Just read this iarticle on the BBC. I found this statement from the Sutton trust really interesting:
If you don't move away to a big city for university are you losing out on a boost social mobility? This confused me a bit as the example student in the article went to Birmingham which I believe is a major city (), but it's an interesting question and I'd be interested to know what people think. How important is moving away for uni really?Sir Peter Lampl, chairman of the Sutton Trust, said: "In the modern economy it is often those who are most mobile who are most likely to find success. "Moving away to university can be an important first step. Moving to London, or other large cities in the UK, can be an 'escalator' for social mobility."
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- 28-02-2018 11:06
- 28-02-2018 11:12
For me personally, I would agree with the statement. Moving to a university gives full immersion to the student experience and provides a depth of integration that I feel like staying at home negates. I know individuals who have not moved up and tend to be slightly more reserved and dissociated from the university life. That being said I’m not applying this blanket statement to all, I realise there are exceptions to this. Just drawing on my own personal experience I have found it to be an integrative process which has been vital for engagement with the whole environment. I’m sure those who do not move out to university probably feel that they aren’t missing out, however if they aren’t aware of all the possible opportunities or receiving a helping hand to try out new things then perhaps they themselves aren’t ever aware of their missed opportunities?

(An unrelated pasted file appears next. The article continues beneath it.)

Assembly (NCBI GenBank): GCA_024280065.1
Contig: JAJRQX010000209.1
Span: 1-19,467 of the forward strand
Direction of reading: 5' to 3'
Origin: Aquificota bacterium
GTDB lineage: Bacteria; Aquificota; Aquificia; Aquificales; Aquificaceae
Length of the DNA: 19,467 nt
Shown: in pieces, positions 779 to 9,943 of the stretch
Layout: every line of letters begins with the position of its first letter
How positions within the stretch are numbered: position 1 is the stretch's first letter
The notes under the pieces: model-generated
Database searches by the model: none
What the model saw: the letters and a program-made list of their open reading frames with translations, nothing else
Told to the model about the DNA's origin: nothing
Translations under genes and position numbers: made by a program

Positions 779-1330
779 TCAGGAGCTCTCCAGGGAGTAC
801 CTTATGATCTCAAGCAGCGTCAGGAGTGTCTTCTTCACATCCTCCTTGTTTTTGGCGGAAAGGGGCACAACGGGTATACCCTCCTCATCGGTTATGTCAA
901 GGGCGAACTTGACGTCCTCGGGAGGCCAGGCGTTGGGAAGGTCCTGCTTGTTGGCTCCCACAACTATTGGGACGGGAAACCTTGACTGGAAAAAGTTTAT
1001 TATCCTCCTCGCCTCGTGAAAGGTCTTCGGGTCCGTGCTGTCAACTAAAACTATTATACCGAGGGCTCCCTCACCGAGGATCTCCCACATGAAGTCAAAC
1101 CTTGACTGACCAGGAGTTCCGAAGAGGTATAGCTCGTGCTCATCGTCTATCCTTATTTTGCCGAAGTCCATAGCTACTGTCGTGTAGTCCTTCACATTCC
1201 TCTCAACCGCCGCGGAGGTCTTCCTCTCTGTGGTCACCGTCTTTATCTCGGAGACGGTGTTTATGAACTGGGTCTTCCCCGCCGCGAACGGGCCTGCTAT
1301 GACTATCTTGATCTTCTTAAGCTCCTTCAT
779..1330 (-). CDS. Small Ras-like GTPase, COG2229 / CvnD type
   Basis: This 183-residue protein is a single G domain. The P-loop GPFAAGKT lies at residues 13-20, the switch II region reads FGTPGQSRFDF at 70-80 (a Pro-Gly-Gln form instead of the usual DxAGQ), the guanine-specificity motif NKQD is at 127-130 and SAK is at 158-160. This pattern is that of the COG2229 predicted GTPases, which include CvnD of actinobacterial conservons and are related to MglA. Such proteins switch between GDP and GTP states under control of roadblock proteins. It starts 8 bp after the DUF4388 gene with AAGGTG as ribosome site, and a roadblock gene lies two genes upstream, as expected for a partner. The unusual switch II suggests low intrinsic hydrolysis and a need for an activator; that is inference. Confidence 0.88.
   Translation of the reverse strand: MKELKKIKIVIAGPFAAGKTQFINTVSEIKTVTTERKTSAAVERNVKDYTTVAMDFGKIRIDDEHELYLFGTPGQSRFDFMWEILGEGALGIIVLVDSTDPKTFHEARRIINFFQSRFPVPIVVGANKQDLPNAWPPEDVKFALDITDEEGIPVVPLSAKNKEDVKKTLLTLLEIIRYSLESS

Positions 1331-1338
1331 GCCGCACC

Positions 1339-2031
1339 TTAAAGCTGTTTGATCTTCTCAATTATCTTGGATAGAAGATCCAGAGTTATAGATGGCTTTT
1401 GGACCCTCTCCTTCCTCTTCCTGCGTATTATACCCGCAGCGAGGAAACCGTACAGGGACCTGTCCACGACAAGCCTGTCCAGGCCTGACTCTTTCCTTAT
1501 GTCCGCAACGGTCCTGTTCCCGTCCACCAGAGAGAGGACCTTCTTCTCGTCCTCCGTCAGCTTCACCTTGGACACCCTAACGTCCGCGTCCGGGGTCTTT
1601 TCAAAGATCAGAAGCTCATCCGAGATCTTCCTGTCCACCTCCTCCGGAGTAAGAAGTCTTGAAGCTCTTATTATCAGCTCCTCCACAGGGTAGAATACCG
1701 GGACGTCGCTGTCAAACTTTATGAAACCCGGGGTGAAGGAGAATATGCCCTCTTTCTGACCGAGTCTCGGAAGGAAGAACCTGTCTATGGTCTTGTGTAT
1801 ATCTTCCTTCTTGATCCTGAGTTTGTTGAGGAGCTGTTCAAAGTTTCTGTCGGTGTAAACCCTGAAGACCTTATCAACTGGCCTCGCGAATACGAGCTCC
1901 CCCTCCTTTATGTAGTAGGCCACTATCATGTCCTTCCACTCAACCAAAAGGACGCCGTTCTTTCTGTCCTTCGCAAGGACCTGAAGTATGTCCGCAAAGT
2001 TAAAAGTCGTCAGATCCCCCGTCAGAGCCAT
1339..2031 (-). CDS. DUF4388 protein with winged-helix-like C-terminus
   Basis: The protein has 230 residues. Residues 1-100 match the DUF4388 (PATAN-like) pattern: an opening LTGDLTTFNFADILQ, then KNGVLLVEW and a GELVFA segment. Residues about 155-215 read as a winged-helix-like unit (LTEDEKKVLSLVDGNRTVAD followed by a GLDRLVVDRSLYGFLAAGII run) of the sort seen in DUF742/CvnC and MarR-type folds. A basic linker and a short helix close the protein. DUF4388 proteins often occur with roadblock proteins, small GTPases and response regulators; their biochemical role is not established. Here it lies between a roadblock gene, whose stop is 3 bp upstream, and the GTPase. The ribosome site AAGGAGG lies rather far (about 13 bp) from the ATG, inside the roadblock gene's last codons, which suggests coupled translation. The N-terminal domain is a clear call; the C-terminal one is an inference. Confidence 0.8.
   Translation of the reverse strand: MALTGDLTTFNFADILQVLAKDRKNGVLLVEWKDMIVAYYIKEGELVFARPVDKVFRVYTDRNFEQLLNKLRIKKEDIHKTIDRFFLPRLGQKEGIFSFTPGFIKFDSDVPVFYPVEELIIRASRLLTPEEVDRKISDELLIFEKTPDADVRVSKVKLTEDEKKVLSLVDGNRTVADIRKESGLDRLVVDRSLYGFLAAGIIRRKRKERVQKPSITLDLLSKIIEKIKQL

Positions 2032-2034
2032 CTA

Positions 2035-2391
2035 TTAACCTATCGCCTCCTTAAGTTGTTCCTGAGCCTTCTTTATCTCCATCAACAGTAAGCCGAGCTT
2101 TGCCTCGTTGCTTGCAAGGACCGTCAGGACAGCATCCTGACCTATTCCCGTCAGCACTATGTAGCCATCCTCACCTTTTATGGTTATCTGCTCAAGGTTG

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- 28-02-2018 11:19
Someone on my course dropped out cos he couldn't deal with such a long commute from home to uni
(Original post by Puddles the Monkey)
- 28-02-2018 12:23
Just read this iarticle on the BBC. I found this statement from the Sutton trust really interesting:
If you don't move away to a big city for university are you losing out on a boost social mobility? This confused me a bit as the example student in the article went to Birmingham which I believe is a major city (), but it's an interesting question and I'd be interested to know what people think. How important is moving away for uni really?
For the record, I commuted for year 2/3 of my degree (not in Birmingham) and I think I benefited long term from being able to save money while studying and not take on any commercial debt. I was able to buy a car whilst studying, and have money for a rental deposit when I moved for my first professional job. I have a comfortable "emergency fund" and can spend money on traveling if I want to. I didn't need to work in the final year of my degree, as I was financially comfortable.